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A Perfect Storm of Commodity Regulation

The coming couple of years are going to be an interesting time for participants in the commodity markets as a “perfect storm” of regulation will hit them, above and beyond most of the other asset classes.  In the US Dodd-Frank contains some significant requirements and in Europe a waterfall of regulation – EMIR, MAD, CRD, REMIT, MiFID2 and the Transparency Directive as well as changes from ACER – will give commodity traders a huge challenge to analyse the impacts and adjust their organizations to the new world.  But I can’t help wondering whether all this regulatory and implementation effort will actually achieve the objectives that the politicians intended at the when they laid the foundations for all this at the G20 in Pittsburgh in 2009?

The main thrust of the agreements at the G20 were to address the credit crisis and make sure that nothing like it happened again.  From this were born initiatives such as exchange trading and clearing of OTC derivatives. Buried in the final statement it were also desires to “combat market manipulation leading to excessive price volatility” in oil markets and to “address excessive price volatility” in food market.  The resulting regulatory avalanche, potentially introducing requirements for mandatory clearing of OTC commodity derivatives, introducing position limits and threatening to extend MiFID regulation to a whole group of commodity traders deemed to be “systemically important” could pose a significant implementation burden.  Suddenly there will be a whole new set of procedures and systems to cope with submitting new types of trades for clearing, a need to find and manage significant amounts of collateral to post to clearers or brokers, systems to report cleared and non-cleared trades to trade repositories.  “Client classification” and “best execution” may enter the vocabulary of commodity traders suddenly subject to MiFID.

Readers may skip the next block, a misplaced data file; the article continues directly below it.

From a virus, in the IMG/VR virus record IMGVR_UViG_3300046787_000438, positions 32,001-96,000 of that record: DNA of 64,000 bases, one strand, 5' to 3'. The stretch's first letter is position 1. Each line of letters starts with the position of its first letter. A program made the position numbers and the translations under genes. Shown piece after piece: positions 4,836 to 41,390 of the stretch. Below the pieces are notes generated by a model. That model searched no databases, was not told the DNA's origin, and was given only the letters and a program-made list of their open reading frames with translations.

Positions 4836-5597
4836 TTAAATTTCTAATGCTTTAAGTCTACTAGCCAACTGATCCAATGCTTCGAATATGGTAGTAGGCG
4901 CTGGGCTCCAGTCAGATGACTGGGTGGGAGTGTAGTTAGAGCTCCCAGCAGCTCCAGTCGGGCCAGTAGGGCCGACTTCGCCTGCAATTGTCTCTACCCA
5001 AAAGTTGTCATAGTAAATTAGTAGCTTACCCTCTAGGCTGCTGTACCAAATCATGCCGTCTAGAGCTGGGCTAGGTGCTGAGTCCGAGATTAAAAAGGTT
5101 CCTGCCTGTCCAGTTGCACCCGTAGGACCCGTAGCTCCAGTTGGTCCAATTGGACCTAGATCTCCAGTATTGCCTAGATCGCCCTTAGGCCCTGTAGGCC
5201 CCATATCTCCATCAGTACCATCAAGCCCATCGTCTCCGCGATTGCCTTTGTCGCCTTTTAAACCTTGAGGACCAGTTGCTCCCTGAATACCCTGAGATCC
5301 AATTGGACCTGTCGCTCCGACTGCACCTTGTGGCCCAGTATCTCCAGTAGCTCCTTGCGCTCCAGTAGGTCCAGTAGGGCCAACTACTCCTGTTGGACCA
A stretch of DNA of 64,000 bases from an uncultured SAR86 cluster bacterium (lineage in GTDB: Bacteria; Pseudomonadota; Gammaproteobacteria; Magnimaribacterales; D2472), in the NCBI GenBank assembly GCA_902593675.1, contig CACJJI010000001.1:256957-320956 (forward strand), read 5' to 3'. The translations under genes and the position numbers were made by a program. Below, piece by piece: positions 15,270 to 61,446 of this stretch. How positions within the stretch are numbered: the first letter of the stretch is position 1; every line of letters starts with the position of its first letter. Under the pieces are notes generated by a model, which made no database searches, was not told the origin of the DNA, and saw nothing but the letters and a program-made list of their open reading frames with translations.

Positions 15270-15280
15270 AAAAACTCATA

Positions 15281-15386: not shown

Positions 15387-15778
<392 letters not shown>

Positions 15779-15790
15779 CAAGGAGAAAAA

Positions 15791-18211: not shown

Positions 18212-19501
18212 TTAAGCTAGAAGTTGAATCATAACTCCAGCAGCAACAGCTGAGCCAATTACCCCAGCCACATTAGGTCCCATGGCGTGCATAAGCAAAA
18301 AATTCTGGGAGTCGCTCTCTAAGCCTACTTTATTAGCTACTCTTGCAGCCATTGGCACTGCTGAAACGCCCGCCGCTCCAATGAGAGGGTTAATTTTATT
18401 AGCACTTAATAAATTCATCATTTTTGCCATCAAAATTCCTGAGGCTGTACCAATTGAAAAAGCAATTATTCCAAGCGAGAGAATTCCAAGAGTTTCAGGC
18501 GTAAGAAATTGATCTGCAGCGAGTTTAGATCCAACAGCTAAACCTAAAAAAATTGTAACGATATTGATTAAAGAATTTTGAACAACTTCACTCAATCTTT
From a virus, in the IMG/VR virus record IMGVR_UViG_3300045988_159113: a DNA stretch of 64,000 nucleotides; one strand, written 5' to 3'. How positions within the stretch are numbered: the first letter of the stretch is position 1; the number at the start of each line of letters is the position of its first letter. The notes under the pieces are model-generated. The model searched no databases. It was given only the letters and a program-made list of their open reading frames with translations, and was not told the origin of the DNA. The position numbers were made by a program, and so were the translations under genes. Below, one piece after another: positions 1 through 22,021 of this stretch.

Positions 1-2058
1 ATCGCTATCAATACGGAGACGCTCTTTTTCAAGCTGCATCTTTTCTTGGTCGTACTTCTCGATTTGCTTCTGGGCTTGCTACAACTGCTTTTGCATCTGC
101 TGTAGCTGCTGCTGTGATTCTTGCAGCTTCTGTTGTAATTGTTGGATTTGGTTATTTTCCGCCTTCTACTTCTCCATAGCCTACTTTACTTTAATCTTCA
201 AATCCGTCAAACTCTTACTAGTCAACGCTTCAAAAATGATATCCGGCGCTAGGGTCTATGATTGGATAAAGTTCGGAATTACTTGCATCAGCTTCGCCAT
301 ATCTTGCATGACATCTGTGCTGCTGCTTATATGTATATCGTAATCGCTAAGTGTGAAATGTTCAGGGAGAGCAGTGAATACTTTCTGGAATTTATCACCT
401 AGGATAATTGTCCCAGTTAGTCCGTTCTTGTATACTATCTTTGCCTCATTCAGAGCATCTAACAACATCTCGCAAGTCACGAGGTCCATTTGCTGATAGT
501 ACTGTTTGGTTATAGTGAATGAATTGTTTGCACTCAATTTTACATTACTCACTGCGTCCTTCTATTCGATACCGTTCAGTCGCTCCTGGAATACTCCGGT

But, at the end of the day is the “excessive volatility” driven more by the supply and demand fundamentals (as the CFTC found in its initial report on the 2008 oil price spike) than by manipulative activity?  Should governments be doing more to implement effective energy policy rather than blaming the signals that are coming from the market? Looks like the regulators could be planning to spend a lot of other peoples’ money to find out.

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